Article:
A Star Returns: Elaine Benes' Favorite Form of Birth Control Makes a Comeback
After a four-year lapse, that little, round, pink piece of foam that gained national attention on the sitcom "Seinfeld" is scheduled for a comeback. The Today sponge, discontinued in 1995, may be back on shelves this fall, thanks to Allendale Pharmaceuticals of Allendale, New Jersey.
When the apparatus became scarce and, ultimately unavailable, many sponge devotees were outraged. Legend has it that they were driven to hoard the devices as Jerry Seinfeld's pal Elaine did on the TV show. In fact, Elaine weighed the "sponge-worthiness" of potential lovers to determine whether sleeping with them was worth giving up one of her coveted sponges.
A diaphragm is a round piece of flexible rubber with a rigid rim. Before intercourse, the diaphragm is placed in the vagina against the cervix. The diaphragm prevents semen from entering the uterus. Spermicide should always be used with a diaphragm for it to be most effective.
Once the most popular female-controlled, over-the-counter form of birth control, the sponge was used by 6.4 million women between 1983 and 1995. It was discontinued when the original manufacturers, American Home Products, decided not to spend the hefty amount needed to bring its factory equipment up to Federal Drug Administration (FDA) standards. The sponge was not pulled from the marketplace because of lack of safety or efficacy, as some rumors had suggested. In fact, the FDA never revoked its approval. Now that Allendale owns the equipment and rights, the company hopes to make the sponge widely available once again.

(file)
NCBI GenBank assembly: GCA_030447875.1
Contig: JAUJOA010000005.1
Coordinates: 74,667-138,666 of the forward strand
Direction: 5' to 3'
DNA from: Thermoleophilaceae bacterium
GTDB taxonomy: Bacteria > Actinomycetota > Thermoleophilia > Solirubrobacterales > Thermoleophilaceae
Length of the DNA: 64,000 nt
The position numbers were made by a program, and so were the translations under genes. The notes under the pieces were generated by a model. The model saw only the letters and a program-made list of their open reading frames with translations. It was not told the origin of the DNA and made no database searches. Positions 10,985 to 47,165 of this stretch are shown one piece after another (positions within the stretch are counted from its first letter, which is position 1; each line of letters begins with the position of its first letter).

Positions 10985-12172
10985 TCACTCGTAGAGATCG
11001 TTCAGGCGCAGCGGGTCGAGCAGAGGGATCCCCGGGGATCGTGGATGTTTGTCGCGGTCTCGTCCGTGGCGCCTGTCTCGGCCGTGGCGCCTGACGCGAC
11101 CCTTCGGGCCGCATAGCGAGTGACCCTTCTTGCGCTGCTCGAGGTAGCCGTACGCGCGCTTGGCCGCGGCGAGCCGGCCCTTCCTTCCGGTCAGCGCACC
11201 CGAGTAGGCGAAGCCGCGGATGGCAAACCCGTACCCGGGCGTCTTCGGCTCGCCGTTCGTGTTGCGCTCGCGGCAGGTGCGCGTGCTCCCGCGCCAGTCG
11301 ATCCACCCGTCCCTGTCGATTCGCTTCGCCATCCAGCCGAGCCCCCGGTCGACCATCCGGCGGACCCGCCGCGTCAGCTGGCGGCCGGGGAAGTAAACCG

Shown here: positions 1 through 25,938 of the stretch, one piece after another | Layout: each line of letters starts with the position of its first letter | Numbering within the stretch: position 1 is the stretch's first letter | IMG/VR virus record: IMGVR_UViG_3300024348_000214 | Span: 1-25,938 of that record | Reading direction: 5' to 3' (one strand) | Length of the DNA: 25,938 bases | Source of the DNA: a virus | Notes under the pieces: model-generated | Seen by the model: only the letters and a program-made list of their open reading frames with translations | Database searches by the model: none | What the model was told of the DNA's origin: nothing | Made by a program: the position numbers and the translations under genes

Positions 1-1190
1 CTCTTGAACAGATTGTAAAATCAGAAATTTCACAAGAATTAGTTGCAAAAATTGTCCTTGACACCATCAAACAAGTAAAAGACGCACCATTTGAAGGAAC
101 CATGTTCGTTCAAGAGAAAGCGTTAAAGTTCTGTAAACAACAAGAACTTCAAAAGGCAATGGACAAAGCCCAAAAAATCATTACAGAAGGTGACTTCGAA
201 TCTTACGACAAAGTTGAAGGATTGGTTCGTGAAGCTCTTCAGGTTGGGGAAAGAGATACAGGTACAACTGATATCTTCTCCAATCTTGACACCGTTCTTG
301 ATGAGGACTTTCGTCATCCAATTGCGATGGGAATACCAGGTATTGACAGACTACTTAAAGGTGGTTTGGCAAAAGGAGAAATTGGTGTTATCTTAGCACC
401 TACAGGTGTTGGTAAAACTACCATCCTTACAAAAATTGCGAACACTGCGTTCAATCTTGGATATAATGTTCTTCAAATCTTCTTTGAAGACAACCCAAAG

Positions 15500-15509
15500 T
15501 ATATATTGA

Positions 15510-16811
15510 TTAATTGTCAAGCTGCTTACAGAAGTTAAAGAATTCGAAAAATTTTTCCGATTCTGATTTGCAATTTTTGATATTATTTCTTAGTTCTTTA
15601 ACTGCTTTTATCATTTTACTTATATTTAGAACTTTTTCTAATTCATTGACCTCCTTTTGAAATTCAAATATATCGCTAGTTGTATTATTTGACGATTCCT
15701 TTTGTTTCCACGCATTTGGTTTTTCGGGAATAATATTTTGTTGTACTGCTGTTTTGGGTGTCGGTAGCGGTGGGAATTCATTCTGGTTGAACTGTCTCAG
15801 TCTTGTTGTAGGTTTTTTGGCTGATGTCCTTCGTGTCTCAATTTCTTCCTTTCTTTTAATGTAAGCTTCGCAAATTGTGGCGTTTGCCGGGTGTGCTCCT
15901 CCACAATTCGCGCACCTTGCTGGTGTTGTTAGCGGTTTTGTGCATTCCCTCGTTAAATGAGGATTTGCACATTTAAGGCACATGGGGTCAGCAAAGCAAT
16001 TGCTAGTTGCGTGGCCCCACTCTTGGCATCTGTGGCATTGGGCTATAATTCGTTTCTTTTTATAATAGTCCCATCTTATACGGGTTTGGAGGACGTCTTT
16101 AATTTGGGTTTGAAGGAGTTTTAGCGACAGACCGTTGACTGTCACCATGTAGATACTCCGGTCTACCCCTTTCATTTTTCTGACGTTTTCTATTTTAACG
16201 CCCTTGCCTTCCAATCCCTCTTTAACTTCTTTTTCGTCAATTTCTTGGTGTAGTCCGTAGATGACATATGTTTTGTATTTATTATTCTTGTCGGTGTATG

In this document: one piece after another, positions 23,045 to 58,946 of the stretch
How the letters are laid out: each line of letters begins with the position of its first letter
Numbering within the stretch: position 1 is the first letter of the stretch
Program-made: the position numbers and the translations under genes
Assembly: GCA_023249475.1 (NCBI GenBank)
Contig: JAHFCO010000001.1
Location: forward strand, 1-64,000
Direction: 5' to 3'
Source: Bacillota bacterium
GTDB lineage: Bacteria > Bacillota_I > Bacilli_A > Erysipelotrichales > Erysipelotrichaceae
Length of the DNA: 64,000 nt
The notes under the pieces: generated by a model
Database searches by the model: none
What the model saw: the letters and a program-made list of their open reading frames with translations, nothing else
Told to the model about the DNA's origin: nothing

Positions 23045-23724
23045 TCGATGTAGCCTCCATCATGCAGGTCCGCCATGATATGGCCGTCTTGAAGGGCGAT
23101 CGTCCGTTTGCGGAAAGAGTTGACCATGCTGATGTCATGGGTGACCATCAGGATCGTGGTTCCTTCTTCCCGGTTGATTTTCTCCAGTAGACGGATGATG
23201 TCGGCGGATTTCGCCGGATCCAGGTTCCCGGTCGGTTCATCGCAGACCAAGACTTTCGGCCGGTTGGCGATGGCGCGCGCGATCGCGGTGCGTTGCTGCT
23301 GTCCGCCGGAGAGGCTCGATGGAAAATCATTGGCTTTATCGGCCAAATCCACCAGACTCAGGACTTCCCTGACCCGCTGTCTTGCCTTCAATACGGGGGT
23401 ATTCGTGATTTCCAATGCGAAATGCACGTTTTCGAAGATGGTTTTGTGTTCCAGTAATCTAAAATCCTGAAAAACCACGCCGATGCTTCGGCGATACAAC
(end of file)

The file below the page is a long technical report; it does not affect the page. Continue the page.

"I've been astounded by the reception," says Gene Detroyer, Allendale's chief executive officer, concerning women's reactions to the possible reintroduction. He's received an outpouring of e-mail messages from women who can't wait to get their hands on the sponges. "I knew it was going to be well-received because of focus groups we did, but this has surpassed my greatest expectations," he observes.
Why So Popular?
The sponge provides women with another choice in birth control. "When it comes to sexual health, options are a good thing," says Sandor Gardos, Ph.D., a San Francisco-based sexologist.
Options, particularly over-the-counter ones, are few. Aside from spermicides and the female condom, the sponge is the only nonprescription alternative for women.
The sponge, unlike the pill, the most popular prescription method, it has few side effects and can be used at a moment's notice. However, it needs to be moistened with water before it is used. Measuring 1.75 inches in diameter and.50 inches in thickness, the sponge is coated with sperm-killing nonoxynol-9 and has a dimple in the middle that fits over the cervix. A ribbon-like loop aids in removing the device -- this might be trying to some users.
According to Dr. David Archer, an obstetrician/gynecologist at Eastern Virginia Medical School in Norfolk, Virginia, the sponge's effectiveness is due primarily to the nonoxynol-9. While some believe that the device also functions as a barrier, keeping the sperm from entering the cervix, Archer says studies to support that assumption have not been performed.